The Device Trial was a finalist in the 5th Annual Beverly Hills International Book Awards.

San Francisco Book Review:

The Device Trial by Tom Breen takes readers into a world of sketchy businessmen and lawyers, teetering on the line between right and wrong from beginning to end. Lawyer Brian Bradford has just won a billion dollar lawsuit against medical company, ZeiiMed headed, at the time, by John Edison. However, his victory in the courtroom came at a high personal cost, and revenge now drives him to make Edison pay personally. A fight in Central Park one night lands both in the hospital with serious injuries. As both men heal and go about their lives, with a deep disdain for one another that could come to a head at any moment, Bradford comes across another possible lawsuit against MendMed, a company owned by ZeiiMed. This involves a device for those needing hip replacements and its possible defects. Bradford and his associate, Mary, take on the case. Justice is wanted by all, both in and out of the courtroom. Who will win and who will survive is the biggest question of all.

The Device Trial is a thrilling suspense novel from beginning to end. Well written and engaging, the storyline is fast-paced and will keep the reader’s attention from the first page to the last. The characters are well developed and add to the novel as a whole. Breen does a great job taking the topic of medical devices and their purposes, as well as medical terminology, and makes them easy to read without taking away from the story’s overall plot and pace. Breen also does a fantastic job of taking readers into the courtroom setting and doing the same. I am giving this novel a solid 5-star rating. Anyone who is a fan of thrillers, suspense and medical and/or legal novels should definitely read The Device Trial.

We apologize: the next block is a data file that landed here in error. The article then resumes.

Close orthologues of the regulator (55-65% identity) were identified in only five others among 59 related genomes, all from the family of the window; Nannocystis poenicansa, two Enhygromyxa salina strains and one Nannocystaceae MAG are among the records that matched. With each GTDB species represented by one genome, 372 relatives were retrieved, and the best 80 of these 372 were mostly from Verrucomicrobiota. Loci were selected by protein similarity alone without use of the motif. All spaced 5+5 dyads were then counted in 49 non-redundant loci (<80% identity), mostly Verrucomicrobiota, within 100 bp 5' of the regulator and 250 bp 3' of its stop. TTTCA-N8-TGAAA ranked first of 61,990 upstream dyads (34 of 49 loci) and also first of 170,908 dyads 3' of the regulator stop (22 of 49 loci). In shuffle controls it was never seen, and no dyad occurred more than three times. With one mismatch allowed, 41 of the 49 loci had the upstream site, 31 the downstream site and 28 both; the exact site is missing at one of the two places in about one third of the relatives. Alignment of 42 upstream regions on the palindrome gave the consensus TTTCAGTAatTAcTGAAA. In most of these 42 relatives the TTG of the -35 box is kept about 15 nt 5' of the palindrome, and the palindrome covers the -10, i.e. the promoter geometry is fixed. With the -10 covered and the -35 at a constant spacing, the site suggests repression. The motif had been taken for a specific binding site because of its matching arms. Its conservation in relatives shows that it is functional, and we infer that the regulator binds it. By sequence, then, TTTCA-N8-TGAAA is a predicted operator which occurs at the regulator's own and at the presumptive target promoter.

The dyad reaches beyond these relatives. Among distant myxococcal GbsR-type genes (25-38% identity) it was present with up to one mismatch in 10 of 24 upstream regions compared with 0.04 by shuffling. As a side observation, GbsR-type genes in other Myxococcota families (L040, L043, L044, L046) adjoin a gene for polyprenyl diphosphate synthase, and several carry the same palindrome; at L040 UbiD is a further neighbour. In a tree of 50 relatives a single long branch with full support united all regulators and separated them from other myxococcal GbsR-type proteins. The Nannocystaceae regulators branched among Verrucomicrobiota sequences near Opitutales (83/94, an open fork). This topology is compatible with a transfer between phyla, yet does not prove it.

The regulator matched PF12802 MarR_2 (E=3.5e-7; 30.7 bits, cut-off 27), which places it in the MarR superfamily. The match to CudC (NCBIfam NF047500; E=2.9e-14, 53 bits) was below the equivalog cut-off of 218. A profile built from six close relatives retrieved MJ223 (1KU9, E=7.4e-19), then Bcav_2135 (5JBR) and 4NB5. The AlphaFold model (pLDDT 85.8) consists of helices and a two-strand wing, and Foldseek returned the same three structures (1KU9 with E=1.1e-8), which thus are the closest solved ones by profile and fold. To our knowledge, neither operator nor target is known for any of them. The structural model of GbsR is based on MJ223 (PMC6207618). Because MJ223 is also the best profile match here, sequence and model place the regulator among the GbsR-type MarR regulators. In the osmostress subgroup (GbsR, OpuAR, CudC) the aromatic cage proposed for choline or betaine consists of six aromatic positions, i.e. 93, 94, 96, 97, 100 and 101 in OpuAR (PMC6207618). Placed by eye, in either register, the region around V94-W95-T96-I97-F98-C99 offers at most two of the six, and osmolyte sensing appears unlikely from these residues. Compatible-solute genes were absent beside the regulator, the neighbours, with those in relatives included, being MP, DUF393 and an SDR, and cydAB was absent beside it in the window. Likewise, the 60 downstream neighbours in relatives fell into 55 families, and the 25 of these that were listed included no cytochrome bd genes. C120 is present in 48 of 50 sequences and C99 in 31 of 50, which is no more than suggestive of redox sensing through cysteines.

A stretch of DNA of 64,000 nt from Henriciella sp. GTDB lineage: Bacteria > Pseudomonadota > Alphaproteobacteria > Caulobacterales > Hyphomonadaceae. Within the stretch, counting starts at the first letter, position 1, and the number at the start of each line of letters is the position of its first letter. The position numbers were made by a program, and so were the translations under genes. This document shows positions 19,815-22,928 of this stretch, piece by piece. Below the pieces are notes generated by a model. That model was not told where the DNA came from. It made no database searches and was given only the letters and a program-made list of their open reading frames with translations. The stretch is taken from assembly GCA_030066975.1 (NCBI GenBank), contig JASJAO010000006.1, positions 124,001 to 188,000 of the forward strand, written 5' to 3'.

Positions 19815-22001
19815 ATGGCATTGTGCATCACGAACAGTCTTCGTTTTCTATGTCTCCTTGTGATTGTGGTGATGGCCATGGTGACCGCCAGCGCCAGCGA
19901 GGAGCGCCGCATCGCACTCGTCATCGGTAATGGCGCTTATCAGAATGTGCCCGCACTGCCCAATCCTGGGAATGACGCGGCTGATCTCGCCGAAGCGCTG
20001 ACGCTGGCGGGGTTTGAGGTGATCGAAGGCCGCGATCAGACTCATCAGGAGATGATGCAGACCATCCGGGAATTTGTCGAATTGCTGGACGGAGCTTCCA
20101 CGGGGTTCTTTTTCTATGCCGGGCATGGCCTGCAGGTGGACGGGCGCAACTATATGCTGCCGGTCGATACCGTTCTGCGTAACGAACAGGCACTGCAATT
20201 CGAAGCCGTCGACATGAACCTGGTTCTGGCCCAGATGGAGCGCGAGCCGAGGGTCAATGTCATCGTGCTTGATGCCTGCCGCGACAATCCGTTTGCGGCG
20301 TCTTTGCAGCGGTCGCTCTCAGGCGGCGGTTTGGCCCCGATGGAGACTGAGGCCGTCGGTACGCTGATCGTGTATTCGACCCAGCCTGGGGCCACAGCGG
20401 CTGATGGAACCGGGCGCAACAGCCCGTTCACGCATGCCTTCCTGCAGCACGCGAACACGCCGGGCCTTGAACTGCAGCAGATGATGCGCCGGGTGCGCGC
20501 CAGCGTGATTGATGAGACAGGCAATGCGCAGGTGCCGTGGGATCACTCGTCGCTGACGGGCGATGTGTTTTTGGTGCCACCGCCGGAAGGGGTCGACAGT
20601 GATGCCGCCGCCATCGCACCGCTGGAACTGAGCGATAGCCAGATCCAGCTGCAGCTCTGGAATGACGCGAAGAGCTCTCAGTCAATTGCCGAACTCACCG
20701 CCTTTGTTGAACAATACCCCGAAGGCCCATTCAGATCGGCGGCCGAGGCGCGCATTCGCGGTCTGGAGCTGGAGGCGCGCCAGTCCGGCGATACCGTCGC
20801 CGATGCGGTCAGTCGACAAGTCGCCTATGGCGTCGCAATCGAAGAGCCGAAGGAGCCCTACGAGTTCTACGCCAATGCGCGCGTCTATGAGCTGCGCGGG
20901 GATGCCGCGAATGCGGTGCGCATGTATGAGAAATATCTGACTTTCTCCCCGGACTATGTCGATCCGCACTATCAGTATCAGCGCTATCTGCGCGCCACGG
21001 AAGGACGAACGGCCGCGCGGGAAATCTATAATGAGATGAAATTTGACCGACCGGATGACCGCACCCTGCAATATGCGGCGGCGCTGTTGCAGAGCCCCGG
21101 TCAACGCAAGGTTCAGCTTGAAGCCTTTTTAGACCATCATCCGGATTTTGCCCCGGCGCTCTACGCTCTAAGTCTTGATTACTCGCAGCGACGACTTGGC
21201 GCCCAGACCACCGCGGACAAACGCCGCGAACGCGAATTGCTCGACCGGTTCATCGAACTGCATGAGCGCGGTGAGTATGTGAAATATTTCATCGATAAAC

The Hunter: Awakening by Nicholas Arriaza

The Hunter: Awakening, is the first of a series of novels that will explore the nature of good and evil and the question of redemption: Is it available to those who have perpetrated great evil? Not long after the theft of a leather-bound book from a hidden hillside tomb in LA, a young hiker inadvertently awakens something fearsome that has been laid to rest some two hundred years ago. Soon after an emaciated, amnesiac man falls from a cliffside trail into the backyard of young, pregnant, neurosurgeon Melisa Castro. The young doctor feels compelled to help the “John Doe” regain his memory. Meanwhile a vampire who no longer has a hunger for blood comes seeking to rectify the awakening only to find himself in the middle of a power struggle within the family Melisa’s fiancé Chris leads. Chris has yet to tell Melisa of his true nature and the fact, she is carrying a werewolf’s baby.